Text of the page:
Next Generation Weather & Climate Prediction
Technical developments in computing and in global scale observations create an environment of enormous opportunity for improving capabilities for weather and climate prediction, but there are major scientific and technical barriers to realizing this potential.
This programme aims to addresses two key areas where scientific and technological advances offer opportunities to maintain UK leadership in environmental prediction:
- Goal A - Resolution of small scale weather systems in the atmosphere and ocean
- Goal B - Use of observations to initialise climate predictions
One issue requiring urgent attention is the selection of numerical algorithms currently used to simulate the atmosphere in climate prediction models.
Many of these algorithms are unable to take advantage of the additional processing power of massively parallel computers moving towards petascale and exascale resources.
The development of new algorithms involves research challenges in numerical and computational methods.
It is proposed that a consortium is created, between NERC, STFC and the Met Office to research, design, and develop a new atmospheric dynamical core for a next-generation weather and climate prediction system, to eventually replace the dynamical core of the Unified Model (UM), the principal UK tool for weather and climate prediction.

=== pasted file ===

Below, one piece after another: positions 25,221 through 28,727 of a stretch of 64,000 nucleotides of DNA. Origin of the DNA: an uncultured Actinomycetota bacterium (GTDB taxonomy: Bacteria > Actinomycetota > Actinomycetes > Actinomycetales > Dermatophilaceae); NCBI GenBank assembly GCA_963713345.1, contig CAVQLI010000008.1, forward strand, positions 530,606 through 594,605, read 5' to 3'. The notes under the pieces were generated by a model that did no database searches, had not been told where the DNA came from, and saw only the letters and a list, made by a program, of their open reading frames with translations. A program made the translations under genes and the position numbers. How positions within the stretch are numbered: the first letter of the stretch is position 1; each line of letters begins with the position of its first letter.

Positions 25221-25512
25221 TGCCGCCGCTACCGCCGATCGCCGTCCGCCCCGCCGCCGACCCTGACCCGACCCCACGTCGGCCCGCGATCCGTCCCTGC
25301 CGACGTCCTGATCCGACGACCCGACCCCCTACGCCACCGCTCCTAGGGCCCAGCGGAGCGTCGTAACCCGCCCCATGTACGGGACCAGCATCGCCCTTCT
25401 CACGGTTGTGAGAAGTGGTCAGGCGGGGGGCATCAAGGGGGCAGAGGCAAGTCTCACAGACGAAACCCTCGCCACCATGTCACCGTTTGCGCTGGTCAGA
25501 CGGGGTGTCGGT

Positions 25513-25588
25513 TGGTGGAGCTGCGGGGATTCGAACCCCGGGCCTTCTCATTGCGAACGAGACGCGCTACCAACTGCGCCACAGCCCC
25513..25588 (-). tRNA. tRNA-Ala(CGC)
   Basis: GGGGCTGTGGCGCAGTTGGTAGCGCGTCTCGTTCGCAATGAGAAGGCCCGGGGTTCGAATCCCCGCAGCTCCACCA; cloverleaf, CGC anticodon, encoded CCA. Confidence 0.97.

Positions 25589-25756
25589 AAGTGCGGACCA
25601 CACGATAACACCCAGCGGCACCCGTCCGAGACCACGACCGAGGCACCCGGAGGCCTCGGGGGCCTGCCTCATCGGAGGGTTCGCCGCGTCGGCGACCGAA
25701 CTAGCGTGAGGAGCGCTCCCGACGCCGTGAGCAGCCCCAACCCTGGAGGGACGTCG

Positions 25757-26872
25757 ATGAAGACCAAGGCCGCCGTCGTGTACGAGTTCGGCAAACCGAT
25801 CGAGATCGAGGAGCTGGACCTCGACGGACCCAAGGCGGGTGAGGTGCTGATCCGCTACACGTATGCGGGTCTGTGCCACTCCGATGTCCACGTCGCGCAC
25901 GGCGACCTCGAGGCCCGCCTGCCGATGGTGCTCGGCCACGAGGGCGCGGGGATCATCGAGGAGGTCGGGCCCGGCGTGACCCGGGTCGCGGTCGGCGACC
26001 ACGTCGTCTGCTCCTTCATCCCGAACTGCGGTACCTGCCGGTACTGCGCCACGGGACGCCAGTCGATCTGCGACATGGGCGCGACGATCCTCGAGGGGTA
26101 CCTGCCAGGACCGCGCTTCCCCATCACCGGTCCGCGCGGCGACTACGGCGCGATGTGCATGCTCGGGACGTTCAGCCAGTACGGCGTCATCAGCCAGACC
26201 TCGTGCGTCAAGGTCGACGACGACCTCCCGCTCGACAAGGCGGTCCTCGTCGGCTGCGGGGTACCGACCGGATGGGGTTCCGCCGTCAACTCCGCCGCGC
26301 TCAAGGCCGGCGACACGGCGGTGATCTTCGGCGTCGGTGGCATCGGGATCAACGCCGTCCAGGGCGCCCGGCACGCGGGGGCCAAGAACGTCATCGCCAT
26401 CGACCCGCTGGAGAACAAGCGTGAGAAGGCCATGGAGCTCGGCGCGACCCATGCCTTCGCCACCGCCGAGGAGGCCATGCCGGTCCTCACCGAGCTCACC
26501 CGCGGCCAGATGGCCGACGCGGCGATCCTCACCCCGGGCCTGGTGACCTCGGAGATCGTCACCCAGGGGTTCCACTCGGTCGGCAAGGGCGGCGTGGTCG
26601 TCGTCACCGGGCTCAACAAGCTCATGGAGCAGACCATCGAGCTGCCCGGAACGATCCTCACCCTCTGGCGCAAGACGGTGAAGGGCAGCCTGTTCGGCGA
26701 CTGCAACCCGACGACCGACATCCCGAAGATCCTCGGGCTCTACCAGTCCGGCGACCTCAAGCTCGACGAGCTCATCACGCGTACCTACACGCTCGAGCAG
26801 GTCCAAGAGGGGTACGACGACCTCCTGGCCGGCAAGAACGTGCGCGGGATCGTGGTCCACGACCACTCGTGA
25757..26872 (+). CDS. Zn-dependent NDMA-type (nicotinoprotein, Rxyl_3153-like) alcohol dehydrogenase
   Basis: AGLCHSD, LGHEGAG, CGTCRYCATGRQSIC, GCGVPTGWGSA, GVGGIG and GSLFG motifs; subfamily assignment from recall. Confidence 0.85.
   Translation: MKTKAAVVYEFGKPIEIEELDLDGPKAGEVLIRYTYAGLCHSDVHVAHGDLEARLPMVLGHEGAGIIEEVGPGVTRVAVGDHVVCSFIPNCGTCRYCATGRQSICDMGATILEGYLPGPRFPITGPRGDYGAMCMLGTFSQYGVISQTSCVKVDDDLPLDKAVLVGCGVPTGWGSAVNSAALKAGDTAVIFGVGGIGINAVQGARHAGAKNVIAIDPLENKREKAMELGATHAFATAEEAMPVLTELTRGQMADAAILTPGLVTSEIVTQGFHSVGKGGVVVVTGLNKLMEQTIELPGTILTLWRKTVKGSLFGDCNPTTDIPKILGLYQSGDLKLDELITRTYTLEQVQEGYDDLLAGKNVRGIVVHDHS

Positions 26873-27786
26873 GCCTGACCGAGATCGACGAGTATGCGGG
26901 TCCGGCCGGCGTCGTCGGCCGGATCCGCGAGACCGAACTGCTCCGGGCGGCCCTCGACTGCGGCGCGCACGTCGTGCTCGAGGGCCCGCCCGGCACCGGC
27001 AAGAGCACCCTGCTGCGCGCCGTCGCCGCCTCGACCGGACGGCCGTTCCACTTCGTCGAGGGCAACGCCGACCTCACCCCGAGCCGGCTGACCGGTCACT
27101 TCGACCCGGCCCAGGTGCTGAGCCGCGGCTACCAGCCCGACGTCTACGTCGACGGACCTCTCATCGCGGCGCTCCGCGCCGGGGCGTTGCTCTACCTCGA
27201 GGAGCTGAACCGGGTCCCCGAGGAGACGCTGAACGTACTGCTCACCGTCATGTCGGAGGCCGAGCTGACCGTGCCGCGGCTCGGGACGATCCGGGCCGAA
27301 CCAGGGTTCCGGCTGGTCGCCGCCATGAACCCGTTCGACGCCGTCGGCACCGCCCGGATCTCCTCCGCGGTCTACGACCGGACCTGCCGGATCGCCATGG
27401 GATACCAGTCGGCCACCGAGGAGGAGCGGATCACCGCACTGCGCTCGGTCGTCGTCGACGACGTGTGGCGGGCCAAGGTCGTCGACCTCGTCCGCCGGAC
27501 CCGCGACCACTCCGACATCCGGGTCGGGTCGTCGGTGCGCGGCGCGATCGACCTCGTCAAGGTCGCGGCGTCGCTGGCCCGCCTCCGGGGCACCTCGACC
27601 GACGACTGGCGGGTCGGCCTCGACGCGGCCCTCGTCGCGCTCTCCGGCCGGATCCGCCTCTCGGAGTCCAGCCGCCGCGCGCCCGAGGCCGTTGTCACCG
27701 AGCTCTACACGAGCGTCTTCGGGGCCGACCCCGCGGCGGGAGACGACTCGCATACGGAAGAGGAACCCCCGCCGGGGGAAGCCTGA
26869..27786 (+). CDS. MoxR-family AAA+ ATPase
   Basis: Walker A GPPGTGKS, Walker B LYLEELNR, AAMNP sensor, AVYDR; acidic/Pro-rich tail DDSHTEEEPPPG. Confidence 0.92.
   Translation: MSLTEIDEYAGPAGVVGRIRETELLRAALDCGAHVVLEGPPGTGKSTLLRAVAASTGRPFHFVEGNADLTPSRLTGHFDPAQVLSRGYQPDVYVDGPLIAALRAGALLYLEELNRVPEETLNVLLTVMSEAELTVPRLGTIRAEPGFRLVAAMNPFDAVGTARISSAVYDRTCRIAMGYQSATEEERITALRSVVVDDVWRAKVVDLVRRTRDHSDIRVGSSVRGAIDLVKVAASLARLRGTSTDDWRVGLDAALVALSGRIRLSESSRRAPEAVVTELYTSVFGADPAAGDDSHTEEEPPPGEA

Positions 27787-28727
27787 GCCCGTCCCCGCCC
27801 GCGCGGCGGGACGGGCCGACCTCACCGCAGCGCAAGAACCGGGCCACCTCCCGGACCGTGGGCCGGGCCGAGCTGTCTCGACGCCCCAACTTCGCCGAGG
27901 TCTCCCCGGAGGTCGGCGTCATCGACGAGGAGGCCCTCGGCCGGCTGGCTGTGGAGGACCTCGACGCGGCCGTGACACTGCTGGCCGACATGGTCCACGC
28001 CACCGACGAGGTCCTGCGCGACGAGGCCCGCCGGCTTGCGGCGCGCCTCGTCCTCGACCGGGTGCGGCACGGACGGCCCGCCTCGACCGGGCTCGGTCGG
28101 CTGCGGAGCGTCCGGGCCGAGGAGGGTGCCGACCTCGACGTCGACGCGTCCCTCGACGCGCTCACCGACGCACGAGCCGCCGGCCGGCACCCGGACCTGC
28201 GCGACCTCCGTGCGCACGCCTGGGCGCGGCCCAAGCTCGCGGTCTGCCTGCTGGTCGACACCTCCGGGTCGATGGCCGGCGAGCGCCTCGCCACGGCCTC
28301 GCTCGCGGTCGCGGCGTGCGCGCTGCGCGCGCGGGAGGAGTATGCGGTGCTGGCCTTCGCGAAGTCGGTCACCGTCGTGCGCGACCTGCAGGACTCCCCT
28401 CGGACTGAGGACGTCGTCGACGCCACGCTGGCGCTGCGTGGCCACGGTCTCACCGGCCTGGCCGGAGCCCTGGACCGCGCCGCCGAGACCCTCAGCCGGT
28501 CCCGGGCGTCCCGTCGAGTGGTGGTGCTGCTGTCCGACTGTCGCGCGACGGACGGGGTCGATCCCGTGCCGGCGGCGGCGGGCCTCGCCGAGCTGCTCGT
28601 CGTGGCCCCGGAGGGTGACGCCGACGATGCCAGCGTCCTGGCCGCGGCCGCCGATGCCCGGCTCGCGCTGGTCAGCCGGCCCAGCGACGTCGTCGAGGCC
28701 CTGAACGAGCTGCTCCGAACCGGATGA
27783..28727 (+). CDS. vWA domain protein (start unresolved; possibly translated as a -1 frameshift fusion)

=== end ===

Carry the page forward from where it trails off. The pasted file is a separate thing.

The corresponding issues for ocean models appear to be less immediately pressing, based on current understanding of needs.
However there is an important need to develop a longer term view based on the emerging scientific requirements for ocean modelling (eg integrated modelling of deep ocean and shelf processes), and a 'roadmap' of needs for massively parallel ocean modelling systems will be developed.
This programme is essential to ensuring that the UK has access to world class tools for climate prediction in the future.
A second strand of this action supports research to develop and evaluate methods for initialization of climate predictions, addressing issues of coupled data assimilation and the design of ensembles.
For predictions of regional climate on seasonal to decadal timescales, much of the signal comes from internal variability of the system, rather than changes to anthropogenic forcing.
Hence climate predictions on these timescales inherently need to be initialised with the observed climate state.
The science of how to do this is at a very early stage of development and a number of fundamental questions must be answered in order to derive the most possible information from the available observations.
The development of properly initialized climate predictions is central to exploiting the opportunities to improve climate models and predictions that arise from the wealth of new observations from Earth-based and space-based platforms.